(director: Paul Cox; writer: Linda Aronson; cinematographer: Vittorio Bernini; editor: John Scott; music: Mikis Theodorakis; cast: Takis Emmanuel (Kostas Andropolous), Wendy Hughes (Carol), Kris McQuade (Jenny), Sophia Harrison (Lucy), Tony Llewellyn-Jones (Tony), Chris Haywood (Martin), Peter Thomson (Landlord); Runtime: 88; MPAA Rating: NR; producer: Bernard Eddy; Vestron Video; 1979-Australia)
“Like all Cox films, the background music is well chosen, the acting is superb and the story is intelligently presented.“
Reviewed by Dennis Schwartz
Paul Cox (“My First Wife”/”A Man of Flowers”/”The Golden Braid “) helms an interesting romantic drama about diverse cultures meeting on equal terms. It’s set in Melbourne, Australia, where the earthy Kostas (Takis Emmanuel), a journalist in the old country but who is now forced to drive a cab to survive. Kostas is depicted as a sensitive man of hot Greek passions, well-educated and of a good upbringing who currently lives in a dumpy boarding-house. The exile lives a peaceful but depressing existence, but things perk up when he picks up one of his fares. Carol (Wendy Hughes) is a native born pretty divorcee of the upper-crust, who despite embarrassed by Kosta’s vulgarity is still attracted to him. How the couple manage to relate to each other makes up the heart of the film and gives the viewer a chance to look at the clash over cultures through their eyes.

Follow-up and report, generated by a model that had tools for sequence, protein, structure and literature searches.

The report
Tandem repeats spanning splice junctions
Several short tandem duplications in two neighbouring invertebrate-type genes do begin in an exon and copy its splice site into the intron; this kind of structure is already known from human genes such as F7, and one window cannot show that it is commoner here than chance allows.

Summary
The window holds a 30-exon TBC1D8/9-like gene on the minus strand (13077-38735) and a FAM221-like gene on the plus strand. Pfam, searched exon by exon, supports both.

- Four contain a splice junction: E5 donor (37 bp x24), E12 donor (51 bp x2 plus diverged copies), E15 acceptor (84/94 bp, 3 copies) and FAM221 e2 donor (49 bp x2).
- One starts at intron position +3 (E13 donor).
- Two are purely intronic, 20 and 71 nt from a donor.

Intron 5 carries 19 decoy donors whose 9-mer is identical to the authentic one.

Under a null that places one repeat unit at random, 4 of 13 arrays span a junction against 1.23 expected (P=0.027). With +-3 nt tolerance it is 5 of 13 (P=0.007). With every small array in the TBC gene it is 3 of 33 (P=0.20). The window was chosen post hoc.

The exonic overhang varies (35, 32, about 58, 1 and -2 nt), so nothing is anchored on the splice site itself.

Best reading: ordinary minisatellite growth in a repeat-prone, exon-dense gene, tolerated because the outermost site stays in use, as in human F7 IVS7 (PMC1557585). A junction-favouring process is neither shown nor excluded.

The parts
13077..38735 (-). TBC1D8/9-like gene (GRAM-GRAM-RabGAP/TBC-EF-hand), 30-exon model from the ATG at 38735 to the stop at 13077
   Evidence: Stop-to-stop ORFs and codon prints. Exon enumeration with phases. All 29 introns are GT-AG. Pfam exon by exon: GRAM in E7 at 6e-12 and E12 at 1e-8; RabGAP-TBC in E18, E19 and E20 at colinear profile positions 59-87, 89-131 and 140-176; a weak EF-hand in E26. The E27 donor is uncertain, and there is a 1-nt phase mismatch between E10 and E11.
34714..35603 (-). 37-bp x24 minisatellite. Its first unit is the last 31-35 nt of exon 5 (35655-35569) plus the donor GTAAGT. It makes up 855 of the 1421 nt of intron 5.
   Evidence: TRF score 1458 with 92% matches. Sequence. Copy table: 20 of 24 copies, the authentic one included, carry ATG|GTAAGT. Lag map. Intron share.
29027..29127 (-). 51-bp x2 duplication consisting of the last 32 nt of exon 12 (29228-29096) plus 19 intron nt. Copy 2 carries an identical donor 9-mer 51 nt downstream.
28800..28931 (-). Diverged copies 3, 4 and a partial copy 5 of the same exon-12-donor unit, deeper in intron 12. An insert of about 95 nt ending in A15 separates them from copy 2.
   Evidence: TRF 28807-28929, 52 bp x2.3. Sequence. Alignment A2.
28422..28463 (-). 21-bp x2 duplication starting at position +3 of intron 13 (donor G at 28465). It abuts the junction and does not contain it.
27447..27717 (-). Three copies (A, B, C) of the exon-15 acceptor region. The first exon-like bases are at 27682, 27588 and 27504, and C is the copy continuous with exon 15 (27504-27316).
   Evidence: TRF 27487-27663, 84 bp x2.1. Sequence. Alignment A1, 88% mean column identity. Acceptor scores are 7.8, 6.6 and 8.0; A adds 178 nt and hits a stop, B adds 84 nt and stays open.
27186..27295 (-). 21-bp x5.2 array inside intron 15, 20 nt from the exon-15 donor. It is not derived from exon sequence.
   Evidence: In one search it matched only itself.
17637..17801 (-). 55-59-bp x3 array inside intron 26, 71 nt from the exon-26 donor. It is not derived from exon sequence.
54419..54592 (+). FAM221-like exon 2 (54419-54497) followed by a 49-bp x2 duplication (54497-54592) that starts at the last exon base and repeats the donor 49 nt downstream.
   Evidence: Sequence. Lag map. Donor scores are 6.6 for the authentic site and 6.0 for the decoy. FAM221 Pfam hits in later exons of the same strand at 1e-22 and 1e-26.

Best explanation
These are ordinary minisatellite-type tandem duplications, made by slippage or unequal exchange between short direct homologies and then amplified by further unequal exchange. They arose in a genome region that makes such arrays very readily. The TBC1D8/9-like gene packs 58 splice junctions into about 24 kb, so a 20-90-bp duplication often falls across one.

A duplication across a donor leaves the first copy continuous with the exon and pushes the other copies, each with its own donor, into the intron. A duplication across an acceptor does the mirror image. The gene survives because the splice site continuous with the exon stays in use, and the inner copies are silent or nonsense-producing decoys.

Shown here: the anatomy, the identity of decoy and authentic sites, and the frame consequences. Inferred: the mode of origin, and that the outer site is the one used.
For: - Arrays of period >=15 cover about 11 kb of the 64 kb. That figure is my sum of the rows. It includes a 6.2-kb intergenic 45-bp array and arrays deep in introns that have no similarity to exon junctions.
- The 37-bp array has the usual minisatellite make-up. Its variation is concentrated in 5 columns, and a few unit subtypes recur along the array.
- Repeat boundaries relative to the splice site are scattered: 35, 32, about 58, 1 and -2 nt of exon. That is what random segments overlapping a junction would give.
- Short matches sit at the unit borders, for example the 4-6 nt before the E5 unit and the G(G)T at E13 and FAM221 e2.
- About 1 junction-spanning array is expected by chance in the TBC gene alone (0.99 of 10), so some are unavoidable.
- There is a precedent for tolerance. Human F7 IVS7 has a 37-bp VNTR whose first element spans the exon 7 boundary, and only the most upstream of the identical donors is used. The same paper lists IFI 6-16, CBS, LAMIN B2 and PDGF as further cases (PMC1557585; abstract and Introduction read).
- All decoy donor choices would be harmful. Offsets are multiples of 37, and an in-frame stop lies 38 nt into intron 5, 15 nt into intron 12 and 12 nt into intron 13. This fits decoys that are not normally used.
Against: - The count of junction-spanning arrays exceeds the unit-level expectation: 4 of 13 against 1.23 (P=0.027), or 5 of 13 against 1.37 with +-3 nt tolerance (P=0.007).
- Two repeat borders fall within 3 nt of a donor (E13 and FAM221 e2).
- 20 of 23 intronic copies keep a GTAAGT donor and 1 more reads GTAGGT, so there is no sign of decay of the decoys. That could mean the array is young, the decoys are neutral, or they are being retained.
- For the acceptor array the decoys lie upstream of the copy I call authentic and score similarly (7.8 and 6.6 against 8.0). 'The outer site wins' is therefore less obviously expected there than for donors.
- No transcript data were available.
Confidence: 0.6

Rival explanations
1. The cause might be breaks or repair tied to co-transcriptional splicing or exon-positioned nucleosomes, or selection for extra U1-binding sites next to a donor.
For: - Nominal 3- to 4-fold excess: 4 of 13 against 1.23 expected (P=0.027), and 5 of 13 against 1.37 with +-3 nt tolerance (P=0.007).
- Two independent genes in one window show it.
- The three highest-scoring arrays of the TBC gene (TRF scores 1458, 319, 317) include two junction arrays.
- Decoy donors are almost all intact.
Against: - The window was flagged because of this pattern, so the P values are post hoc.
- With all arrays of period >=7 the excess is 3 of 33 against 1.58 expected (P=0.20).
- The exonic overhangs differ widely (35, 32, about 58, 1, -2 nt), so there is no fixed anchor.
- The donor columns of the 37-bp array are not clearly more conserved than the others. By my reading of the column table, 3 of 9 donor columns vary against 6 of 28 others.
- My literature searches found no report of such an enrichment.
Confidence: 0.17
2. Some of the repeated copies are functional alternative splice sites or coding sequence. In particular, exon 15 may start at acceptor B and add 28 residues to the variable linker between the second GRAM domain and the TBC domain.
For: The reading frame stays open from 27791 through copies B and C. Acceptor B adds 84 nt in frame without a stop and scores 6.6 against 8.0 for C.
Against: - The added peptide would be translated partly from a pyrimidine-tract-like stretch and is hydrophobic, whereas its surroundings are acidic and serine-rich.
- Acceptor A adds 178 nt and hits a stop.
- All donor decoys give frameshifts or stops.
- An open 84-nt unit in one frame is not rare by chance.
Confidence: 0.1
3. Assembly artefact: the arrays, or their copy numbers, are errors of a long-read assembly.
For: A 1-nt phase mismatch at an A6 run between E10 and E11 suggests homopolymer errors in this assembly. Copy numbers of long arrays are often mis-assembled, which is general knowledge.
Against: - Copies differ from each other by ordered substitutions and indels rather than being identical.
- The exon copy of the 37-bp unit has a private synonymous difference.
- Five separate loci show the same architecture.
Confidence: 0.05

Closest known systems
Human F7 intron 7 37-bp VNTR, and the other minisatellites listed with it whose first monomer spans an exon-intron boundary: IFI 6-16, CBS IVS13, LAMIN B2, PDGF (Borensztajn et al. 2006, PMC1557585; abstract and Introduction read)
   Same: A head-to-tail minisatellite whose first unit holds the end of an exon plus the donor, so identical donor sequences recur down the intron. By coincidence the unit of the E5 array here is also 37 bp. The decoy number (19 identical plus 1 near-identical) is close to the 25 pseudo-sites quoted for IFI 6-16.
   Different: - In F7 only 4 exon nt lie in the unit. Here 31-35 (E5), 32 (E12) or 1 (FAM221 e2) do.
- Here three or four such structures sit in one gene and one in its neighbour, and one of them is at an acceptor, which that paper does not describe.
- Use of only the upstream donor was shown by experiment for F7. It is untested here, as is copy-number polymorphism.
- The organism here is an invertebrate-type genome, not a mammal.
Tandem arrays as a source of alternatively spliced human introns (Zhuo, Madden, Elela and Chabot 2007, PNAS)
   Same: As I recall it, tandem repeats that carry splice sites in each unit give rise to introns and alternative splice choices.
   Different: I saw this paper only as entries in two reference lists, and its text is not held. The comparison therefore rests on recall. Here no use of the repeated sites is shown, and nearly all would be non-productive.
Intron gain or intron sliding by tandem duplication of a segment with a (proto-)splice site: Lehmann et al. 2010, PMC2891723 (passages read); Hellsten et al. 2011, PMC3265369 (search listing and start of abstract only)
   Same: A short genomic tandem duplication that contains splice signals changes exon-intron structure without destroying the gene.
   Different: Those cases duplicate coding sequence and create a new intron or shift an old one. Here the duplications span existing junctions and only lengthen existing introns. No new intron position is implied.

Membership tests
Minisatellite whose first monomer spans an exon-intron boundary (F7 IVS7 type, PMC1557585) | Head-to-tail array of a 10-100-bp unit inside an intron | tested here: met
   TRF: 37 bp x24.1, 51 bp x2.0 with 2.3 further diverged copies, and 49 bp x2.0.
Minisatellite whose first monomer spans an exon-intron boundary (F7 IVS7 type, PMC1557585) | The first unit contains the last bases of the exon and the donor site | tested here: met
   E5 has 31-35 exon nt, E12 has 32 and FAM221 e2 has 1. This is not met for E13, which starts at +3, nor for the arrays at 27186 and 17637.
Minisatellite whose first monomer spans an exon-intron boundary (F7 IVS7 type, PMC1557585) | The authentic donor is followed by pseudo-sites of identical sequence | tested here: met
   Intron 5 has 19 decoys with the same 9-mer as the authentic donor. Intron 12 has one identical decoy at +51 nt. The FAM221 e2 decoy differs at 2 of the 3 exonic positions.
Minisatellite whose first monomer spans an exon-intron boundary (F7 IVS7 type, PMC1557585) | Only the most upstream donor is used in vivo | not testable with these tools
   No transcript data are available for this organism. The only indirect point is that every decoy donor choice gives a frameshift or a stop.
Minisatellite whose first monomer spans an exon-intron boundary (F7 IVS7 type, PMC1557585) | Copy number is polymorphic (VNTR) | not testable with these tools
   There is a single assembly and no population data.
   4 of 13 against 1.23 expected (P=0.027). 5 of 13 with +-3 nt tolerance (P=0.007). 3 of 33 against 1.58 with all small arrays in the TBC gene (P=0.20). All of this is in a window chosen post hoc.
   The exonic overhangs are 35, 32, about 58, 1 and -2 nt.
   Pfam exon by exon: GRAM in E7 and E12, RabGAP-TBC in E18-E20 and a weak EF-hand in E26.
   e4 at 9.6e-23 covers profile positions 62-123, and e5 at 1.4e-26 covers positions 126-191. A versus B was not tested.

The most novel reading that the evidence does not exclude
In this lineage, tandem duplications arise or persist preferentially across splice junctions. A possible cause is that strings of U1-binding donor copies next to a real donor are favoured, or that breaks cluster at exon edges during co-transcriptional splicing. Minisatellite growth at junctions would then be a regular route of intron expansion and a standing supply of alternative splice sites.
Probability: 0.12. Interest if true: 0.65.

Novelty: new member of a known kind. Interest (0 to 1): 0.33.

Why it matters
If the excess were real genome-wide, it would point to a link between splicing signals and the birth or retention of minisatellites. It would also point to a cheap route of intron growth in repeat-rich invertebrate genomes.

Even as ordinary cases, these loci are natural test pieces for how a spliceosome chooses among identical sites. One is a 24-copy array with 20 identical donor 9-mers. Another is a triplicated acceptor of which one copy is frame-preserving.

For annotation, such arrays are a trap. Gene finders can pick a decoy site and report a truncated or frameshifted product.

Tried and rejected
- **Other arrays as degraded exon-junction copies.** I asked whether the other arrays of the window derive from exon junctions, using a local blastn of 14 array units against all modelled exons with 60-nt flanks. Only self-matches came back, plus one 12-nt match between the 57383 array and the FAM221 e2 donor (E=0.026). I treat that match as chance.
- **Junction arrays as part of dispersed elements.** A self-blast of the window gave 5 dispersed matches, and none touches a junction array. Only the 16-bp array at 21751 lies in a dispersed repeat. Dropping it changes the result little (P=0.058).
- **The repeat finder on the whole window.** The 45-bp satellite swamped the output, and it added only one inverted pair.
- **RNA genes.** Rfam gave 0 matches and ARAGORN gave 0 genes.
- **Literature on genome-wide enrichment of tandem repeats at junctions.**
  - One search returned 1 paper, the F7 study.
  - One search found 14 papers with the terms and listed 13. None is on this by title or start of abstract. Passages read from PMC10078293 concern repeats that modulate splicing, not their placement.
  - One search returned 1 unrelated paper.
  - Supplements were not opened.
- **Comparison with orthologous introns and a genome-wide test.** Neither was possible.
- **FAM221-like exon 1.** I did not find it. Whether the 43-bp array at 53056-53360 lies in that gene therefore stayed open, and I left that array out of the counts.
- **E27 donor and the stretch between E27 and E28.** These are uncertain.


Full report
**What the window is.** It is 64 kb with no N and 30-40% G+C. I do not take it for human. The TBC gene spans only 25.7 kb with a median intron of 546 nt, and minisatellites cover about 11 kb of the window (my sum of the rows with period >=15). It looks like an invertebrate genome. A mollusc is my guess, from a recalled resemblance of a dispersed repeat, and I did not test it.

Like all Cox films, the background music is well chosen, the acting is superb and the story is intelligently presented.
REVIEWED ON 7/30/2007 GRADE: B